He didn’t win so it was never aired, but here is the video I created for the Spike VGA’s “character of the year” acceptance speech. Not counting the mocap shoot, it was only a few days work with a little help from those on the cinematics team, (the fight portion is a modified combination of two of our ingame double-counter-kills), but I never made any cutscenes for AC3 and wanted to familiarise myself with the entire workflow.
Archives For Cutscene
I took the time this last week to put together a reel of my work on Mass Effect 2, done between late 2008 and early 2010. Look below for a full shot breakdown, and, because you’re gonna ask, the music is Invaders Must Die by The Prodigy.
Below is a breakdown of what I was responsible for in each scene. The terms used are as follows: Continue Reading…
Despite a clearly phoned-in voice over, Fox News’ Gamers Weekly has posted a video highlighting Resident Evil 5′s use of a Virtual Camera in the production of its cutscenes. This technique has intrigued me for some time, though equally interesting was the section showing the realtime feedback on the fully skinned and textured ingame characters. While it appears to be diffuse-only, this looks to be a small yet significant improvement.
In December over on the Left 4 Dead blog, Valve’s Jason Mitchell posted an insightful look into the making of the Left 4 Dead intro movie, arguably some of the best acting and cinematics done to date in videogames. It appears to have been an incredibly iterative process, with the animatics rigourously playtested in the same manner as the rest of the game.
Over the course of the next couple of weeks of refining the story, we found that the romantic tension between Zoey and Francis that you see in this version did not playtest well, as it proved to be a distraction from the gravity of the Survivors’ desperate situation. As a result, this was dropped from subsequent versions. Later in the piece, when the hunter pounces on Louis, the timing of Louis’s line and the hunter’s pounce consistently came off as comedic, which was certainly not the intended effect.
Of interest, the initial animatics appear to have been knocked up quickly in a “machinima” manner via the Source Filmmaker, which wikipedia describes as:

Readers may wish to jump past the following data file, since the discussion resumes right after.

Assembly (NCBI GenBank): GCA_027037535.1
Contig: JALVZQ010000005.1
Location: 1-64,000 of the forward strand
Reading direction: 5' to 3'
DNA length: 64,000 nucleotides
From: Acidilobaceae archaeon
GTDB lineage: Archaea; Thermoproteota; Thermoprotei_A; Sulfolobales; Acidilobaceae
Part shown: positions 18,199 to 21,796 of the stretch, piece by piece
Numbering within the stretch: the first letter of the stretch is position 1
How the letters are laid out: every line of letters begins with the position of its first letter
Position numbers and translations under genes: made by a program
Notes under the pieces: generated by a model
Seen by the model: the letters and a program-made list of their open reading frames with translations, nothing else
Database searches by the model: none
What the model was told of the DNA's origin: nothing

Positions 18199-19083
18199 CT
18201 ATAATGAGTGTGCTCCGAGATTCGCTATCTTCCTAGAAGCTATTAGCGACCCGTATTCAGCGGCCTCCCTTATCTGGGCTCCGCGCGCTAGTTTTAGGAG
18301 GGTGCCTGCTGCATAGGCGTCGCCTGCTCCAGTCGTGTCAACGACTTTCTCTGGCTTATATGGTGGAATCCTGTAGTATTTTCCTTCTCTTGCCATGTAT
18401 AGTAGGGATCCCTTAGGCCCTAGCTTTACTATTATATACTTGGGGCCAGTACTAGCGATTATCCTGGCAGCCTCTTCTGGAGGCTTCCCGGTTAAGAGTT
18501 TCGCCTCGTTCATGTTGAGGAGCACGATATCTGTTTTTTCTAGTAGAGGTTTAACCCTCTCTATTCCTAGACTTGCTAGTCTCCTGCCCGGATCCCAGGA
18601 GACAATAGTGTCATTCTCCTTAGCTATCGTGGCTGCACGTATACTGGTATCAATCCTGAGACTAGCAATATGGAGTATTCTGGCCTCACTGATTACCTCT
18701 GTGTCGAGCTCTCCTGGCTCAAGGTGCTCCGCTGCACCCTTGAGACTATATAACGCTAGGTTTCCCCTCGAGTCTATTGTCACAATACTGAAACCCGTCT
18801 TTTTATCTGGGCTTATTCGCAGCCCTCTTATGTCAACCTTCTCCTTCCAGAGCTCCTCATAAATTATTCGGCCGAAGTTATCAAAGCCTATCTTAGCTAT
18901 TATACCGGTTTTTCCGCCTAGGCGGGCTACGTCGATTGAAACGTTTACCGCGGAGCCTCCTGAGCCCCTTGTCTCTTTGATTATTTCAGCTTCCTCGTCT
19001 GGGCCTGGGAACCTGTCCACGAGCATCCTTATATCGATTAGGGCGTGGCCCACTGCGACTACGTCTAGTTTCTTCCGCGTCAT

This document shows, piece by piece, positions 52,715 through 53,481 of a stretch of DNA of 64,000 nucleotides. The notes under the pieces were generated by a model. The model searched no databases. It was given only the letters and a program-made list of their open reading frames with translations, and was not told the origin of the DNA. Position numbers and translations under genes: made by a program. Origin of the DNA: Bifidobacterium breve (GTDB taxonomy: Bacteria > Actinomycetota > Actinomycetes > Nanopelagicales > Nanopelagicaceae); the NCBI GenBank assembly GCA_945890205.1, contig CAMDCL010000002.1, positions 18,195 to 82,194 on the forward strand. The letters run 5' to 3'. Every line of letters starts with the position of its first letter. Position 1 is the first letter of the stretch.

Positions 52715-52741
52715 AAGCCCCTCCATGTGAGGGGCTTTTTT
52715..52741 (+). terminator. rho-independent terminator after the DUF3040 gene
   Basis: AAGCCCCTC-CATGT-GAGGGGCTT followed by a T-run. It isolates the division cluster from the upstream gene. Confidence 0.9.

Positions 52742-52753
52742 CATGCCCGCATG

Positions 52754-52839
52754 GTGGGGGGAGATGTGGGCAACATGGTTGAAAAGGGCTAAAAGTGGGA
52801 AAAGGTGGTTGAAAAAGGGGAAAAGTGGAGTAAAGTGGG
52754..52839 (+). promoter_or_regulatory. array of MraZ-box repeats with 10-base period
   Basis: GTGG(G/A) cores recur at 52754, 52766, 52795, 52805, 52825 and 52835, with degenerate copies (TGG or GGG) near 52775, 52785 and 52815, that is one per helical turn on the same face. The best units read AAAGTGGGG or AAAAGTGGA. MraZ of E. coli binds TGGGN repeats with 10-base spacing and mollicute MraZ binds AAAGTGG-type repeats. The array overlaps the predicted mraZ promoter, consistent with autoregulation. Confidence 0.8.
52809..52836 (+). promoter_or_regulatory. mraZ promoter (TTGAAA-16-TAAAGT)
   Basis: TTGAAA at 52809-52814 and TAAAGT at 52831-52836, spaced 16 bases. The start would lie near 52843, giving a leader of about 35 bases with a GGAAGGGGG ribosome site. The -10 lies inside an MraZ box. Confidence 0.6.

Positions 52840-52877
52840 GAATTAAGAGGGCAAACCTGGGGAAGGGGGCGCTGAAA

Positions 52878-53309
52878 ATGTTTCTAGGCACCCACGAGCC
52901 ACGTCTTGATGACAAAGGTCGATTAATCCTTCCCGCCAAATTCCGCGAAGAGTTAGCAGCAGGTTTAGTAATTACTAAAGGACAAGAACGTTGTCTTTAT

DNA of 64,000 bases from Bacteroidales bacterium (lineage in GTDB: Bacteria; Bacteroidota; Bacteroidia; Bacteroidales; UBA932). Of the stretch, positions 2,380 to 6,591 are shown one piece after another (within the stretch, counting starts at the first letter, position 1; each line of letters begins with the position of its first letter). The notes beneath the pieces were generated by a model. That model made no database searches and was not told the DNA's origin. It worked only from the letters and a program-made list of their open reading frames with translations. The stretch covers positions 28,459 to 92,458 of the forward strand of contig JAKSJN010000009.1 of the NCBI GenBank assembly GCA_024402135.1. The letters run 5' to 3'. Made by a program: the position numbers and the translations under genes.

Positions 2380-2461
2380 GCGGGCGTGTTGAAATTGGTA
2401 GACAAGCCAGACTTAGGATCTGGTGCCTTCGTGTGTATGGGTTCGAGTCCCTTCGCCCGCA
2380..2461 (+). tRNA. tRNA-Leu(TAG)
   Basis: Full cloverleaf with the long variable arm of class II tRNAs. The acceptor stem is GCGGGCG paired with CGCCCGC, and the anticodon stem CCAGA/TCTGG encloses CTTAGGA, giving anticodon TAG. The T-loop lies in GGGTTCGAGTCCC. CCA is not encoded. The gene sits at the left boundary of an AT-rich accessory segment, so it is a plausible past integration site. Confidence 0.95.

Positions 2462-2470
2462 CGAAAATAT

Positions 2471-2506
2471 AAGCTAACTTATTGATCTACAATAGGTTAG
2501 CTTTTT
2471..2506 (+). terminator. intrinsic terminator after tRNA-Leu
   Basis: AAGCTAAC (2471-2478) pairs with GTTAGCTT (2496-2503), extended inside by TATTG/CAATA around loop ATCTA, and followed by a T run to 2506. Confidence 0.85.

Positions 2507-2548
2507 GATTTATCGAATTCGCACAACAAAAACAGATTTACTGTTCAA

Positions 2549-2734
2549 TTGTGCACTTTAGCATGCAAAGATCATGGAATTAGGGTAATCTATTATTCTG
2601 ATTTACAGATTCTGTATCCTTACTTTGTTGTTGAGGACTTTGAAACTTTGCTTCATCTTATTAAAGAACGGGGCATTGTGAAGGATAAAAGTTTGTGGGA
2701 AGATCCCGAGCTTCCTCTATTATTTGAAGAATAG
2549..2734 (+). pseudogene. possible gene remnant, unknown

…an application that runs inside the engine. It allows users to record themselves many times over in the same scene, creating the illusion of many participants, as well as supporting a wide range of cinematographic effects and techniques such as motion blur and depth of field.
Next up, in the first of three animation-related GDC ’08 presentations giving us an insight into modern-day Japanese game development, here are my notes from the Postmortem of Feelplus’s Lost Odyssey, one of two Japanese RPGs created exclusively for the XBOX360 under the watchful eye of Microsoft Game Studios and Final Fantasy creator Hironobu Sakaguchi.
Feelplus: Looking Back at LOST ODYSSEY – The Challenge of Cross Cultural Development
Ray Nakazato – President, Feelplus Inc.
As with each of the Japanese presentations, Nakazato began by detailing the hierarchy of the companies involved in the project. Feelplus Inc. was established in 2005, with the team quickly growing in size to the final headcount of around 100 developers, many of which came from Microsoft and SEGA. Feelplus is 1 of 3 companies under the AQ Interactive Group, (including Artoon and Cavia), and the project was a collaborative effort with Sakaguchi’s team at Mistwalker who formed the core desgin team.
In the last few weeks I’ve been getting out to a handful of various presentations, beginning with the IGDA BioShock presentation and most recently a week-long film and videogame visual extravaganza at the 2007 Adapt Conference.
Representatives from Disney, Pixar, Industrial Light & Magic and several high-profile game development studios were in town to share work methods and techniques, for which I am all-ears, with the week ending on a high at the Halo 3 party, whereby I was fortunate enough to come home with a second copy of the game after beating a handful of Ubisoft animators into Slayer submission.
Over the next week I’ll be uploading my notes from the various lectures attended, (in no particular order), beginning with Bungie’s own Feature Presentation below:
Bungie: Creating Movie-Quality Cinematic Moments In Realtime
CJ Cowan & James McQuillan – Lead Producer and Cinematic Director on Halo 3
This talk was unfortunately beset with technical problems throughout, and as such many of the real-time editing features of their engine were unable to be demonstrated. It did, however, offer an insight into a company creating one of the most epic games ever with tools that were so technologically backwards it is amazing they managed to get anything out the door at all.
Despite this, they appeared oblivious to how outdated their systems on show were as they proudly demonstrated tools and processes that Iâ€™ve fortunately never had to endure in all my time in this industry. Perhaps Bungie is living in a bubble-shield?